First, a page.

Police and social services ‘should have saved’ vulnerable man, 22, who told care workers evil couple had held him hostage and threatened him just days before his murder, damning report finds
- Phillip Nicholson, from Poole, Dorset, was murdered in May 2015
- Isabella Gossling and Richard Moors were jailed for combined 41 years in 2015
- Pair lured Mr Nicholson to their flat in Bournemouth and stabbed him to death
- Six days before, he told care workers he had been threatened and held captive
A vulnerable young man who was tormented, tortured and murdered by an evil couple ‘should have been saved’ by police and social workers, a damning report has found.
Six days before the brutal death of Phillip Nicholson, 22, in May 2015, in Bournemouth, he told three care workers he had been held captive in a flat and threatened by twisted Isabella Gossling and violent Richard Moors.
All three should have contacted the police but failed to do so, the report found.
Vulnerable Philip Nicholson, 22, was tormented, tortured and murdered by Isabella Gossling and Richard Moors at Gossling’s flat in Bournemouth in May 2015. A damning report has found that Mr Nicholson ‘should have been saved’ by police and social workers
Phillip Nicholson, from Poole, Dorset, who suffered from learning difficulties, had previously been in a relationship with Gossling in which she had repeatedly bullied and robbed him
A week before that, it was reported to the police that Mr Nicholson had received death threats from the pair, but they did not follow the complaint up.
Mr Nicholson, from Poole, Dorset, who suffered from learning difficulties, had previously been in a relationship with Gossling in which she had repeatedly bullied and robbed him.
She and new boyfriend Moors lured Mr Nicholson to her flat and carried out a prolonged attack on him which was recorded on Gossling’s mobile phone.
The chilling moment that the couple, who got engaged just hours after the murder, escorted Mr Nicholson to the flat was recorded on CCTV.
They had fooled him into believing there was another woman there who wanted to meet him.
Once inside, they carried out the prolonged and brutal attack, slashing his throat with a knife.
CCTV cameras showed the chilling moment the couple, who got engaged just hours after the murder, escorted Mr Nicholson (front, centre) to the flat, having fooled him into believing there was another woman there who wanted to meet him
In a harrowing 17 minute recording, Mr Nicholson was heard repeatedly apologising and begging to go home before he was killed.
He pleaded: ‘Stop, because I don’t want you to, please. I don’t want to be threatened. I just want to be friends.’
Afterwards the couple were seen on CCTV walking away from the scene hand-in-hand and with their arms around each other while on a bus.
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Gossling, now aged 23, and Moors, 28, were jailed for a combined 41 years after being found guilty of Mr Nicholson’s murder in 2015.
An official review held by Bournemouth and Poole Borough Council’s safeguarding adult board into the disturbing case has concluded that Mr Nicholson’s life should have been saved.
The review said: ‘There is undoubtedly evidence that professionals had the knowledge, the legal means and the opportunity to stop the violent incident from occurring but did not take the steps to do so.
Mr Nicholson told three care workers six days before his death that he had been held captive in a flat and threatened by twisted Isabella Gossling and violent Richard Moors, but they did not contact police. The brutal pair were later pictured with their arms around each other on a bus (left, second from front)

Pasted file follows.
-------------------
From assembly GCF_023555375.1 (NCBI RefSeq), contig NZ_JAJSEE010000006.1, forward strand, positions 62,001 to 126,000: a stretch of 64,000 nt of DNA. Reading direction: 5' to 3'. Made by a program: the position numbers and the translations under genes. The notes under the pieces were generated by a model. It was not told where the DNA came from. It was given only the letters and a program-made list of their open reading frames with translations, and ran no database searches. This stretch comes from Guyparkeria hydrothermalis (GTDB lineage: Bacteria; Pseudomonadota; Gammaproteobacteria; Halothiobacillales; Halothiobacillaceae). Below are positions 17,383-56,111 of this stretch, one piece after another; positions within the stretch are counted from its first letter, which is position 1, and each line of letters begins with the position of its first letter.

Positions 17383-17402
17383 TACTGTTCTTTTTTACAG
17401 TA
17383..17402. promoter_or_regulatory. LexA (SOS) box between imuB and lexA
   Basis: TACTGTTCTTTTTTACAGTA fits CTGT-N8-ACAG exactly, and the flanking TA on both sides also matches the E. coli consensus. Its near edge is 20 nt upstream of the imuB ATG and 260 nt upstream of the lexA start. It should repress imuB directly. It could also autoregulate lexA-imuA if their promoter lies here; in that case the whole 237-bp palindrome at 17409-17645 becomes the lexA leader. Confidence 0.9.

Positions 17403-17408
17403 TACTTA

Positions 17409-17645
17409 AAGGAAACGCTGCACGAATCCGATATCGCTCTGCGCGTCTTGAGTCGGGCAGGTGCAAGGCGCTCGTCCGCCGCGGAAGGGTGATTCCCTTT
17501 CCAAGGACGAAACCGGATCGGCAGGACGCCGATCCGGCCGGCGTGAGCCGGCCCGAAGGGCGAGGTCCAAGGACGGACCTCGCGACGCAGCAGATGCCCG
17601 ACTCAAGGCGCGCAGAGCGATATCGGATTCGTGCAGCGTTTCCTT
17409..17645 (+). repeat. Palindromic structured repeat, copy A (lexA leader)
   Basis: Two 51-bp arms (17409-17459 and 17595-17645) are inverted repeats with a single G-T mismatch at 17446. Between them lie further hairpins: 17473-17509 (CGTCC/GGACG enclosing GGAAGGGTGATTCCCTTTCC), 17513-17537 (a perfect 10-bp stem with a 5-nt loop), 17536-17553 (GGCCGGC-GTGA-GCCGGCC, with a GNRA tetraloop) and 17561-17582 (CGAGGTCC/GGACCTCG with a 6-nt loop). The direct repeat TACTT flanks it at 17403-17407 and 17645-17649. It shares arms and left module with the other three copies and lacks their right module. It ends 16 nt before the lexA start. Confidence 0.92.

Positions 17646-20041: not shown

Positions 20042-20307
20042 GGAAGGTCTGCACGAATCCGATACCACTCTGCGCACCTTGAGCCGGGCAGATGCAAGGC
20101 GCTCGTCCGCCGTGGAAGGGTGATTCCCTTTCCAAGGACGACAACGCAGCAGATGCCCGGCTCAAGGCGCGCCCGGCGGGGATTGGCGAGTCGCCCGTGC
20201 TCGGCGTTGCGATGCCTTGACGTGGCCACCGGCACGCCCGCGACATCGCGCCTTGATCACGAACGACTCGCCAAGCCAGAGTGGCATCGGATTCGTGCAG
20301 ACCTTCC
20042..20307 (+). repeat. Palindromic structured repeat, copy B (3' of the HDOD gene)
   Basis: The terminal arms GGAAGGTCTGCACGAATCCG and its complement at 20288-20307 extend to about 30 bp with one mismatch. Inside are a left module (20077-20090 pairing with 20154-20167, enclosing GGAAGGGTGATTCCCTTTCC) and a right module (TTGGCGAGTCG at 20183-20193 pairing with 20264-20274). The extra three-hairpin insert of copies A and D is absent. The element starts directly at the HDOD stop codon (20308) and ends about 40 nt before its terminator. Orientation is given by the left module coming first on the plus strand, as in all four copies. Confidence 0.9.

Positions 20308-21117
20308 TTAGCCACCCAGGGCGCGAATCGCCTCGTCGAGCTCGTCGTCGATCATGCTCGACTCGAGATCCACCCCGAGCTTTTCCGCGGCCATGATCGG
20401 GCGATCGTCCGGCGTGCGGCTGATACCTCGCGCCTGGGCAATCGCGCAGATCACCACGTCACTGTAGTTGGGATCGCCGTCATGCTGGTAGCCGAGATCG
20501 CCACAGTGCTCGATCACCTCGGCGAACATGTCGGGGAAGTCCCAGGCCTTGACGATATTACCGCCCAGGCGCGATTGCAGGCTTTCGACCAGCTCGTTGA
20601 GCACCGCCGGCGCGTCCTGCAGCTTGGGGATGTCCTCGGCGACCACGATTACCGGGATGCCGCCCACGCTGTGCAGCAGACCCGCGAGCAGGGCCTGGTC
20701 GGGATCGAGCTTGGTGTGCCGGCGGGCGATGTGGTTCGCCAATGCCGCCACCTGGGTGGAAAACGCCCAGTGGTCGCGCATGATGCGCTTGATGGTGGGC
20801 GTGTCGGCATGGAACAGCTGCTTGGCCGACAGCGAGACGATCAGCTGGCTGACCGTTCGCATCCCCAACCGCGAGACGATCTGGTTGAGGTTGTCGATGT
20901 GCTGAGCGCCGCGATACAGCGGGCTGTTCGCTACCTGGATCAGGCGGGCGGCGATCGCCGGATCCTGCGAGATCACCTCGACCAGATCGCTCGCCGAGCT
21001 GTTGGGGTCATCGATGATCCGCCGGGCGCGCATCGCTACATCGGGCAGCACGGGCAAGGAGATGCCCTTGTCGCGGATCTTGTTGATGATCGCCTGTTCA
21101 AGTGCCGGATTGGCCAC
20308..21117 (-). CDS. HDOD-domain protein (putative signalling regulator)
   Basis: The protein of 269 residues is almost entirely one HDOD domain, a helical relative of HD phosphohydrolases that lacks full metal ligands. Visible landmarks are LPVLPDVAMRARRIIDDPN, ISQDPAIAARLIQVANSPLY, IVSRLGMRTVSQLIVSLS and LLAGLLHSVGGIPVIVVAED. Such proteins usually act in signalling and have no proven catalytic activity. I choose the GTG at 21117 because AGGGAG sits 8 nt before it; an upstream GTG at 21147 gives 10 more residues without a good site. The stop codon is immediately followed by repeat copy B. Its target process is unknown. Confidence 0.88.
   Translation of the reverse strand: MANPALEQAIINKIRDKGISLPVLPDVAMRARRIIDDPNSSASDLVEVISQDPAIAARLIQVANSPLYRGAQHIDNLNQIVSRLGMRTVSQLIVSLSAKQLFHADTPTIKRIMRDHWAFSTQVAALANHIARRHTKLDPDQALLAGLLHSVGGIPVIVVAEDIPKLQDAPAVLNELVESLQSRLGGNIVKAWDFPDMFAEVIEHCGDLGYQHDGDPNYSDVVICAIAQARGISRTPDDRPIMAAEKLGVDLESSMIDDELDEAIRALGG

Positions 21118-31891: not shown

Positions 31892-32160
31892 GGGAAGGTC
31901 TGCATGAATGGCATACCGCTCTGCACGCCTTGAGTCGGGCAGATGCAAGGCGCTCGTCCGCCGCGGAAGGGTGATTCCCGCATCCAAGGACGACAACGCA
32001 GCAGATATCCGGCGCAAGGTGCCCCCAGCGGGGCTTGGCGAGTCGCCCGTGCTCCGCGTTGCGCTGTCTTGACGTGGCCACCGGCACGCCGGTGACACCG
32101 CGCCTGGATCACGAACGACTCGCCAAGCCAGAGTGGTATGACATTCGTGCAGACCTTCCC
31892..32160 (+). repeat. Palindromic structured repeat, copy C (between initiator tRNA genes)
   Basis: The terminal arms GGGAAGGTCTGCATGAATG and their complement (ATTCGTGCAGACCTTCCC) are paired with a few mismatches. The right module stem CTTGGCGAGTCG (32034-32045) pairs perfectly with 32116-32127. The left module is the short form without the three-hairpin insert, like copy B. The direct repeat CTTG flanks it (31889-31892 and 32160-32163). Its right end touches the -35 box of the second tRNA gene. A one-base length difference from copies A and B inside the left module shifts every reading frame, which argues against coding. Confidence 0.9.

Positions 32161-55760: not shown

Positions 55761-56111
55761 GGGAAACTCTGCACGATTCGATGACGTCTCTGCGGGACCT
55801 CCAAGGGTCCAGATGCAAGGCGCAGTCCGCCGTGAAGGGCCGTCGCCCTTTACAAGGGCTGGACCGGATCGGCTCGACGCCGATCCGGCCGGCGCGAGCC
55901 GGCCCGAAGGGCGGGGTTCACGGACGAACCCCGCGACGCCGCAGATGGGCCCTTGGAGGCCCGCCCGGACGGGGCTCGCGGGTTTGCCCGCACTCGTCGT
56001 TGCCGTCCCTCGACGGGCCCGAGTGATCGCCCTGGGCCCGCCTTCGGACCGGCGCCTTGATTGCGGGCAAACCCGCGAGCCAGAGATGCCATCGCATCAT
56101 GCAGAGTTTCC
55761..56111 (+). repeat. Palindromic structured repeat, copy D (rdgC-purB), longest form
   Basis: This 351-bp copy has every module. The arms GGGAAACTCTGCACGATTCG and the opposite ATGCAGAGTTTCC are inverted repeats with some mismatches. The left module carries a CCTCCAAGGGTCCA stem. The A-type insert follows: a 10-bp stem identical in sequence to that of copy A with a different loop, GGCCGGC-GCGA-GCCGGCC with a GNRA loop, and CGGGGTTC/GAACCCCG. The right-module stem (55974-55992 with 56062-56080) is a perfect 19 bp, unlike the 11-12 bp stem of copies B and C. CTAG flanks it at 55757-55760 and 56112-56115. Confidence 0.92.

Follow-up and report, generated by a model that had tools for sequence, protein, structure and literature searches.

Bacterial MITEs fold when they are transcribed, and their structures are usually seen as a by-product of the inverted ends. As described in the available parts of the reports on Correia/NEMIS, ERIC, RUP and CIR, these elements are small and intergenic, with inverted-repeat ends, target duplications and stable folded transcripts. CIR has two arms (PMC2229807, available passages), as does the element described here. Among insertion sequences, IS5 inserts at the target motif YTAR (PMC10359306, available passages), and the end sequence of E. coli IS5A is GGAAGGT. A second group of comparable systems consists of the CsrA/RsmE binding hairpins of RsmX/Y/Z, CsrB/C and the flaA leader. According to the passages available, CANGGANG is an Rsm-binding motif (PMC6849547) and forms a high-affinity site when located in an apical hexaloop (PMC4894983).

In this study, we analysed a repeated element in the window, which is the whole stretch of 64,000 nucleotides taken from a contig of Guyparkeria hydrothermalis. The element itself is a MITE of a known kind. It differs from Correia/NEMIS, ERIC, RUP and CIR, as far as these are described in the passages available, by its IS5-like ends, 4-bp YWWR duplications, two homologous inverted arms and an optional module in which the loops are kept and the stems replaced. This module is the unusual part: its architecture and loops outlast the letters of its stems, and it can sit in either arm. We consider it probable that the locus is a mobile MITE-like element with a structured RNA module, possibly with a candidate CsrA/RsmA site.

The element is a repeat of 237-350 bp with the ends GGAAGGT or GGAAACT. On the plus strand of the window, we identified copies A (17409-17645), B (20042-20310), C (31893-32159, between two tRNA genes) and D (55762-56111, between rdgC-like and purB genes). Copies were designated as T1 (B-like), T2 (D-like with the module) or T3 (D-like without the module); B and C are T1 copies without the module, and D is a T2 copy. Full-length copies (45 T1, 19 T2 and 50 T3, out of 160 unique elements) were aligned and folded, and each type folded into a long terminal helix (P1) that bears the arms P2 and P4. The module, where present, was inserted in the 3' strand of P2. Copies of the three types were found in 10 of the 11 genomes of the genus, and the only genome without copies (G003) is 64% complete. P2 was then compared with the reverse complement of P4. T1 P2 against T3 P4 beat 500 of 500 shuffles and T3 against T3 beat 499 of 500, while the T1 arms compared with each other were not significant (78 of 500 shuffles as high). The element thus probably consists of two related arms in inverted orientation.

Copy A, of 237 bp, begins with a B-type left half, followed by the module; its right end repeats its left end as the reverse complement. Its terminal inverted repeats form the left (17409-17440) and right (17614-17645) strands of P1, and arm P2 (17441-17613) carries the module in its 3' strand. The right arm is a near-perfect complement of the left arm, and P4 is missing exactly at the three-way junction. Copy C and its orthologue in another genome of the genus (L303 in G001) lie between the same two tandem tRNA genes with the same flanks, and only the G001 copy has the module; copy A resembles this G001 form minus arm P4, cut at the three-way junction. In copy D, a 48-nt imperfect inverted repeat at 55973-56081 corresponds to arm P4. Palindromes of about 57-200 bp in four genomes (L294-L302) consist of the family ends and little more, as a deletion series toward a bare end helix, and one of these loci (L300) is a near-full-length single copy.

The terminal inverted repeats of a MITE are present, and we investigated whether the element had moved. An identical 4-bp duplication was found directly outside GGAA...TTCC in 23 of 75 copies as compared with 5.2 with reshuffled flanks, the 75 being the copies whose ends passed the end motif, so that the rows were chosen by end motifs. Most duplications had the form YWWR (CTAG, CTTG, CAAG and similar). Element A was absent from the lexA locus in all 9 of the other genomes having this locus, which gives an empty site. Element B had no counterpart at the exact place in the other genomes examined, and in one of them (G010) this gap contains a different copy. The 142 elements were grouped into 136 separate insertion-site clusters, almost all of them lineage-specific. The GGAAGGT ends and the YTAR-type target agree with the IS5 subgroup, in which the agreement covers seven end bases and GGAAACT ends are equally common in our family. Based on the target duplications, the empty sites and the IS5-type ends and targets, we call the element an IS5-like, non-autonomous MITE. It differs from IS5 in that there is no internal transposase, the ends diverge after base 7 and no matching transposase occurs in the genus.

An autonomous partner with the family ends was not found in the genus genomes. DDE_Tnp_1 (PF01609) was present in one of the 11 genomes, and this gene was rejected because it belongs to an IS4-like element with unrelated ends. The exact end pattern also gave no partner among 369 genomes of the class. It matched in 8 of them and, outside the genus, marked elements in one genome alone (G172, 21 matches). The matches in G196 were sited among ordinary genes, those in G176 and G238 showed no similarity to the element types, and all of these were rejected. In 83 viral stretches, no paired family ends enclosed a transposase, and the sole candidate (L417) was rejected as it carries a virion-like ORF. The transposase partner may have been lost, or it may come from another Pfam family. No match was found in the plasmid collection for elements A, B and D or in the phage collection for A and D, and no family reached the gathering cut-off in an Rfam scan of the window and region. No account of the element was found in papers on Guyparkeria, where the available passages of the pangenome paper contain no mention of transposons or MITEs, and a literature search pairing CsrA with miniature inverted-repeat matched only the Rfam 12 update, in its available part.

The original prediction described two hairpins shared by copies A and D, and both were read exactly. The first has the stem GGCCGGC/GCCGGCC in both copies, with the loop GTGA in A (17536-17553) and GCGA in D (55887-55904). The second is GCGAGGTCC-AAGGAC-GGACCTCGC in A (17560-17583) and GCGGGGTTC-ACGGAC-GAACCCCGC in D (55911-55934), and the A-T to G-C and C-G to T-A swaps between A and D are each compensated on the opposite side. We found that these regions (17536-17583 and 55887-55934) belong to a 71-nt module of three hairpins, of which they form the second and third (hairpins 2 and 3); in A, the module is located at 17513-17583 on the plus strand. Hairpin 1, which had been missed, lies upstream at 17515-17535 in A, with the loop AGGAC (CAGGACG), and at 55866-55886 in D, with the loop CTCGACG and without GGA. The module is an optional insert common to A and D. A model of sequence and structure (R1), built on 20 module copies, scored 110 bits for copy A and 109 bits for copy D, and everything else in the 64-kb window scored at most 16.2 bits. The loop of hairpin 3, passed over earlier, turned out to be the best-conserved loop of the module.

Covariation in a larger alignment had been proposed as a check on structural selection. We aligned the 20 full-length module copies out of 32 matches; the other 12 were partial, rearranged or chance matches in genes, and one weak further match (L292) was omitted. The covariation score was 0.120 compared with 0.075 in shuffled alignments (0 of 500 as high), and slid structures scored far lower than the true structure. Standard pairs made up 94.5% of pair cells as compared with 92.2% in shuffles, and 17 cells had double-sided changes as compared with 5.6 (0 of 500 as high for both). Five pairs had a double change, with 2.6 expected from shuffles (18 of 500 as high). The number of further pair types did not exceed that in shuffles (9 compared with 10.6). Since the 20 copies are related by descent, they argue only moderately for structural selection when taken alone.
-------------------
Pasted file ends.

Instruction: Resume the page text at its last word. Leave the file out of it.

‘The police should have intervened more robustly when Phillip reported the threats.
‘These were key opportunities to intervene which seem likely to have afforded Phillip greater protection and may have restrained the behaviour of Gossling and Moors for a time.
‘Tragically for Phillip and his family these opportunities were not taken.’
The couple were also seen on CCTV walking from the scene hand-in-hand after the murder
Mr Nicholson’s grieving parents, Chris and Michelle Nicholson, today slammed the ‘inadequate’ care given to his son by both social care workers and police officers.
In a statement they said: ‘Following his death it soon became evident that professional agencies had received significant information regarding threats to Phillip’s life made by his assailants before they killed him.
‘We have strove to find answers to why this tragedy occurred and how the professional organisations tasked with Phillip’s care should have intervened to protect Phillip.
A week before Mr Nicholson contacted social workers, it was reported to the police (pictured with forensics officers at Gossling’s flat in 2015) that Mr Nicholson had received death threats from the pair, but they did not follow the complaint up
‘Sadly it has become evident that significant failings and omissions were made by those organisations which we strongly believe could have prevented his death.
‘The review report highlights numerous shortcomings in Phillip’s protection and care by those organisations under review.
‘We support the findings of the report and the lessons that need to be learnt.
‘It is our greatest wish that no other family whose child, whether a vulnerable adult or a minor, should be let down by those professionals required to care for him or her. It provides us with no comfort having lost Phillip.’
Misconduct proceedings against three police officers whose ‘woeful’ investigation into the threats to kill Mr Nicholson resulted in them being re-trained.
The Nicholson family are now pursuing a civil case against Dorset Police and Poole Borough Council over the case.
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